The health budget was expectedly increased due to the requirements of the National Rural Health Mission and the flagship health scheme Pradhan Mantri Jan Arogya Yojana. Goyal claimed that 10 lakh patients have been treated so far under Ayushman Bharat scheme, the world’s largest healthcare programme. Further highlighting the role the Modi government’s played in making public health care more accessible to the poor, he also announced the 22nd All India Institute of Medical Sciences (AIIMS) which will come up soon in Haryana.
Fund allocation to the Northeast region increased to ₹ 58,166 crore, a 21% rise over last year for infrastructure development, accounting for 0.11% of the total outlay, same as last time. It comes at a time when the entire region is up in arms against the
Rural development, Home Affairs
- The budget proposes the introduction of stronger regulations in the Indian Cinematograph Act to prevent piracy and contact theft of Bollywood films. It also assures single window clearance for Indian filmmakers.
- The much-awaited indigenously-developed high-speed Vande Bharat Express was formally announced.
- One lakh digital villages have been planned
inthe next five years.
- A ational Artificial Intelligence portal to be developed soon
- Government projects will 25% of its resources from the MSME sector, of which 3% will be from women entrepreneurs
Reactions from politicians and economists
Former Finance Minister and Congress leader P Chidambaram has memorably called the Interim Budget “not a Vote on Account, but an Account for Votes.” But economists are not sure if BJP’s eleventh-hour amends will reap the electoral fruits, especially in return for the subsidies and income support scheme for farmers, calling these half-hearted measures “too little, too late.”
“At ₹500 per month, it will amount to less than 1/15th of an average household’s income. Per annum, it’s peanuts,” said agricultural economist
Ashok Gulati, further suggesting that if the government really wanted to make a difference through an income support scheme, it should double the amount given by reducing some food and fertiliser subsidies.
Leftist parties have called the budget an exercise in rhetoric as BSP’s Mayawati returned to the opposition’s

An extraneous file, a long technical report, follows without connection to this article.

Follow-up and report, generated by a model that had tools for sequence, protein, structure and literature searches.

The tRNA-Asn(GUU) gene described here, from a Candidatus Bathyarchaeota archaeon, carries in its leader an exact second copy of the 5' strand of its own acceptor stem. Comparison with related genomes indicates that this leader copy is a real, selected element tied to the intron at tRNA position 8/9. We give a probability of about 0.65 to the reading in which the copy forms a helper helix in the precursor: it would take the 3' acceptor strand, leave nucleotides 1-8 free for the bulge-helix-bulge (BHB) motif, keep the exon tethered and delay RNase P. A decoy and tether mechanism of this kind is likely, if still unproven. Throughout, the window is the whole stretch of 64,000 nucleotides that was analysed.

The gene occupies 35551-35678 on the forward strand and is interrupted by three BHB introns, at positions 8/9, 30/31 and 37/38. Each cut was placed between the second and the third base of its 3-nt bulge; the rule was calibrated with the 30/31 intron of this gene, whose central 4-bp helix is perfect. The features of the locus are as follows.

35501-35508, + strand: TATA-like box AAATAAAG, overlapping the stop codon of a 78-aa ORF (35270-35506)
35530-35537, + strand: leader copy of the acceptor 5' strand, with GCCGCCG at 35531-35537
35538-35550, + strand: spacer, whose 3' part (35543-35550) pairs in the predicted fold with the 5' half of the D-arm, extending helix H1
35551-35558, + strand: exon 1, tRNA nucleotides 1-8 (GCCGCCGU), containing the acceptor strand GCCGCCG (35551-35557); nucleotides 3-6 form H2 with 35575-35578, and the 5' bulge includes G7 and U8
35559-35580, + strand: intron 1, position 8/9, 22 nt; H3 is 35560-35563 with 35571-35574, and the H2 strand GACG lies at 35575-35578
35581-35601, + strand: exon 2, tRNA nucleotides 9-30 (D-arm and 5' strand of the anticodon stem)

Using the hashtag ‘AakhriJumlaBudget,’ Congress chief Rahul Gandhi tweeted, “Dear NoMo, 5 years of your incompetence and arrogance has destroyed the lives of our farmers. Giving them ₹17 a day is an insult to everything they stand and work for.”
Prime Minister Narendra Modi hailed Budget 2019 as a budget for new India, calling it an all-
Industry experts share their praise and concerns with Qrius
Stakeholders in the automobile industry had mixed reactions to the Budget. Sunil Gupta, MD
“We are supportive of Vision 2030 mentioned by Mr.Goyal in the context of electric vehicles,” he said but noted that the Budget was largely silent on concrete incentives for EVs. “We hope that in the next FAME policy, the Government will spell out incentives for all stakeholders in the EV ecosystem – manufacturers, charging infrastructure providers and operators,” Gupta said, stressing that the manufacture and use of electric vehicles can help reduce carbon footprint of transportation, air pollution and crude imports.
Surajit Das, co-founder and CEO of employee transportation solution provider Routematic expressed disappointment with the lack of focus on start-ups this year although he acknowledges that the 2% subvention will help in accessing more capital. “Areas where more allocation was desirable were higher education to improve talent pool and the reduction of capital gains tax which could make India a favourable investment destination for Venture Capital firms.”
Sunil Gupta of B2B marketplace ExportersIndia also hailed the interest subvention for SMEs, for loans up to Rs 1 crore, as a positive move. According to him, quarterly return for businesses, the promise of further exemptions in GST, the GEM (Govt E-Marketplace) platform where MSMEs can showcase and sell their products are all steps that seek to empower the MSME sector. “The path set to tackling unemployment by becoming the manufacturing hub of the world is another promising note,” he said describing the Budget 2019 as aimed at “building the social and physical infra to ease living.”
Divya Jain, CEO and founder of Safeducate, a logistical training specialist, said, “The government’s push to the
“Modernising villages will make rural youth more self-reliant and find progressive careers for themselves while contributing to the household incomes as well. In most of the villages, women are still not allowed to go out of their homes. Digital villages can help reach and teach those women who have escaped the purview of PM Mudra Yojana.”
Prarthana Mitra is a staff writer at Qrius.